4.3
August 2, 2022

Grief gets Complicated when we Ignore it—so I’m Feeling it All.

When I lost my 12-year-old Pomapoo, Chuck, a couple months ago, I didn’t know how to explain the grief.

So, I decided to write down thoughts as they came. I hope they can help others feel comforted knowing that in their grief, they are not alone.

I felt a jolt of energy run down my leg as Chuck took his last breath.

Is he really gone?

Just take one more breath, please. Wait. No.

I know I said I was ready, but I’m not ready.

I want more time.

They took him out of my arms, which somehow made me remember the moment I picked him up for the first time. He was so small—the last one left in his litter, all alone. I couldn’t resist those little eyes, and my own inner desire to not feel so alone either. I couldn’t bear to hear him cry, so he rode in my lap as I drove us home.

That was the moment he became my ride or die.

Die…

Did that just happen?

What just happened in the past 30 minutes?

How could an existence so meaningful just be over in a last breath?

Why did the end come so fast?

Everything feels fuzzy, like the world is existing without me in it.

What just happened? Wait, where is he?

A box.

I have to hold it.

I have to see him.

My baby.

I scream and cry, and it subsides for a while and then it’s overwhelming again.

It’s like crashing waves and I get barely just a minute to come up for air.

How do I breathe without this little soul who has walked beside me for 12 years? Every minute extending nothing but love and joy.

Like you don’t realize how much they are there until they’re not and then it’s like being thrown into an MMA ring…punch, punch, kick, slap…down and bleeding and then kicked some more.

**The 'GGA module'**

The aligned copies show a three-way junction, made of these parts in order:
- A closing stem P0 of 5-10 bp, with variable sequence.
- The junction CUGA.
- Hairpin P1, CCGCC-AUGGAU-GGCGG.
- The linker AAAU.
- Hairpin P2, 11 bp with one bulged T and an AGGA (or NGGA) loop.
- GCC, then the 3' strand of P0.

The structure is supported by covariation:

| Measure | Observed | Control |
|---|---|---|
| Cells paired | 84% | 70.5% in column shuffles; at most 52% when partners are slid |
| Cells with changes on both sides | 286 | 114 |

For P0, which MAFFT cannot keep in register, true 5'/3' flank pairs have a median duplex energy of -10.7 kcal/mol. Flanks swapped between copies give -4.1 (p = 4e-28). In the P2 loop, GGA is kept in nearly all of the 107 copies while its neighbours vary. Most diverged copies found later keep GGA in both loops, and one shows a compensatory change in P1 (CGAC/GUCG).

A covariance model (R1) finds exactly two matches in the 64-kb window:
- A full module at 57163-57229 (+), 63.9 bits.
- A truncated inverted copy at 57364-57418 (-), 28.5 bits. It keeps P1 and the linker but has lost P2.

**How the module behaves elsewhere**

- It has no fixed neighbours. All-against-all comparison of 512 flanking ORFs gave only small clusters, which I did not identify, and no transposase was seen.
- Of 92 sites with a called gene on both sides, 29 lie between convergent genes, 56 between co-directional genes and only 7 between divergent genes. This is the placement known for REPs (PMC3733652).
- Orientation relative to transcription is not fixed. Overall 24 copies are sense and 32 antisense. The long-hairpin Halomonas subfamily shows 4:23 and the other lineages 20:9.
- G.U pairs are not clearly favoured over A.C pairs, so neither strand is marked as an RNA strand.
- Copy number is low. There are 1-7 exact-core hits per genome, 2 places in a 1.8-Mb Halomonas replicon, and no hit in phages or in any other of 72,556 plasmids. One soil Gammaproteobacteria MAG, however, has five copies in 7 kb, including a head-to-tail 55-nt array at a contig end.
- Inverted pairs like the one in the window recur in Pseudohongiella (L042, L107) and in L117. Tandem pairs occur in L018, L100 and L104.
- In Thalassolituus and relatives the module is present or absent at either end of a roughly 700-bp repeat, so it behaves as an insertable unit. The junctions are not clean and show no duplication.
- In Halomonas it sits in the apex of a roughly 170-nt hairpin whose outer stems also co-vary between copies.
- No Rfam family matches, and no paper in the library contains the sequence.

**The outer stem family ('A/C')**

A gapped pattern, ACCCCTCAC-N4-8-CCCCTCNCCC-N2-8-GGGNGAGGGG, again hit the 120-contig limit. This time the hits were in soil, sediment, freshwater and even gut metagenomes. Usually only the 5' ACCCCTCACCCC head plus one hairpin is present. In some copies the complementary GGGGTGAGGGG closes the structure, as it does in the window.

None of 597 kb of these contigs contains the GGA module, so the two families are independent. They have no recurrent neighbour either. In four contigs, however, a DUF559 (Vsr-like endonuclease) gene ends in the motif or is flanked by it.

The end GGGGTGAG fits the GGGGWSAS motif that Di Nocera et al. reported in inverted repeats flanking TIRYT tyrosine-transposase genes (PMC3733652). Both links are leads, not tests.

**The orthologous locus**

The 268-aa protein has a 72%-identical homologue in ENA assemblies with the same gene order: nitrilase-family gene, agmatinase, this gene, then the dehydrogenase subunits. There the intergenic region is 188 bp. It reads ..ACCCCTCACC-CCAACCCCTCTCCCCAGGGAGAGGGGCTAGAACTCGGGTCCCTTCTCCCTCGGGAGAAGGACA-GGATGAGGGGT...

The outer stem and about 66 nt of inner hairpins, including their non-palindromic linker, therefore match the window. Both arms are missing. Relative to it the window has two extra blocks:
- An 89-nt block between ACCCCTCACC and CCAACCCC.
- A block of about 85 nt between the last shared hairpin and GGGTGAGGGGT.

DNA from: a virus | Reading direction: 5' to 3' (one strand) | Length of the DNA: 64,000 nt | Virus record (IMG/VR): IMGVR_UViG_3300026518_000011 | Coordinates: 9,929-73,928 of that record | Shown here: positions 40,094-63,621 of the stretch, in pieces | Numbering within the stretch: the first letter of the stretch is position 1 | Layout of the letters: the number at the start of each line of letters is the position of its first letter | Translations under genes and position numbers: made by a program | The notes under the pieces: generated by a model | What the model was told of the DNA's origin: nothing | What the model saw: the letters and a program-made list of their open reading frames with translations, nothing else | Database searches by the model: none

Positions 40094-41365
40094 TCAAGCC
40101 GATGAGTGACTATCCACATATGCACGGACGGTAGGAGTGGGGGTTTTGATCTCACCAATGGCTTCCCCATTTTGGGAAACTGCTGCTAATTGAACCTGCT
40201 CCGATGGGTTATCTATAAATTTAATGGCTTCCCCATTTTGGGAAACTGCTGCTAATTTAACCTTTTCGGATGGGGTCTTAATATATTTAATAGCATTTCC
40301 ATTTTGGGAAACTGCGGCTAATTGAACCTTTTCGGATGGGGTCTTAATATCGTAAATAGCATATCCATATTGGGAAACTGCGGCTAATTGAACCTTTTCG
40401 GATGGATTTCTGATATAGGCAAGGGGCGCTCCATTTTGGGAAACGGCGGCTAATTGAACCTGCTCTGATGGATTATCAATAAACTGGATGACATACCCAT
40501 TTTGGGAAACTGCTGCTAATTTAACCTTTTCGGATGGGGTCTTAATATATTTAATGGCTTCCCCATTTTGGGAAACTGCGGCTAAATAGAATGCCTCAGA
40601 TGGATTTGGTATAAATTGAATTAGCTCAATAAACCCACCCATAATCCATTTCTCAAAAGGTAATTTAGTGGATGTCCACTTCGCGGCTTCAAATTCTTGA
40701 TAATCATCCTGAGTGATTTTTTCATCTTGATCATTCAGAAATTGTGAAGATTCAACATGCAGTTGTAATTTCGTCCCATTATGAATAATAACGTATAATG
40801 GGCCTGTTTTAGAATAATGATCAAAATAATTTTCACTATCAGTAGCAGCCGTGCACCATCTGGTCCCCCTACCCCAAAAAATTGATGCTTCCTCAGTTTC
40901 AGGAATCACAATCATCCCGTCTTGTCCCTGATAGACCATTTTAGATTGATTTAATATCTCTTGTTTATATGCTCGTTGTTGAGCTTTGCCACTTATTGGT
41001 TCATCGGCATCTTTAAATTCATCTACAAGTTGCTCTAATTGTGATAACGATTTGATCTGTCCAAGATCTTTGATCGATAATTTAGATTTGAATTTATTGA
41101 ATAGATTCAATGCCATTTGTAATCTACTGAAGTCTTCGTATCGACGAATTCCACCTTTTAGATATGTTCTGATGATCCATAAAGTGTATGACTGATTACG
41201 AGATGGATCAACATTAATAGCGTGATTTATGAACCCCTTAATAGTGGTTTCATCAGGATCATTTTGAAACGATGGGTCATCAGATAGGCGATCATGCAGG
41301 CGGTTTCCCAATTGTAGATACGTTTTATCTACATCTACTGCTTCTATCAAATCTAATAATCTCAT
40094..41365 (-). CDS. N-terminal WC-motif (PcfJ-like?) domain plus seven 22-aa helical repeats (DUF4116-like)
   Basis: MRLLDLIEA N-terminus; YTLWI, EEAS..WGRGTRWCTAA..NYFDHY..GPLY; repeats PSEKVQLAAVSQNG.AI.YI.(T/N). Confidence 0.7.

Each memory, every thought of never seeing him again feels like a blow I already don’t think I can stomach.

I went to the house briefly today and I laid my head in his crate. It still smells like him. I couldn’t stay more than 10 minutes.

I can’t eat. I don’t care. I just want him back.

I went back to where I’ve been housesitting. I just can’t be in my house right now. The silence is deafening. Everywhere I look, I see where he should be and he’s not. This little dog was my child—my only child.

I mean, you always know that they are going to die, but I think we do something in our brain to turn that off and almost believe it’s never going to happen.

I feel like I walk around just looking for him.

I know Chuck wouldn’t want me to feel this sadness, but he was literally my emotional support animal; it’s kind of ironic that the most emotional distress I’ve ever felt in my life is losing him and he isn’t here.

I feel like a part of me has died with him. I have never heard this kind of crying from me…it’s just desperate pain…my heart feels like it’s being ripped from my body.

I sit here and think: “Oh my God, Noel, it’s just a dog,” but I feel even more grief and pain than losing a human. He was with me every moment, every day, especially the past couple months that I’ve been working from home. He saw me through all those darkest times in my life; I just can’t imagine how my life will be without him.

If you knew him, you know how special he was.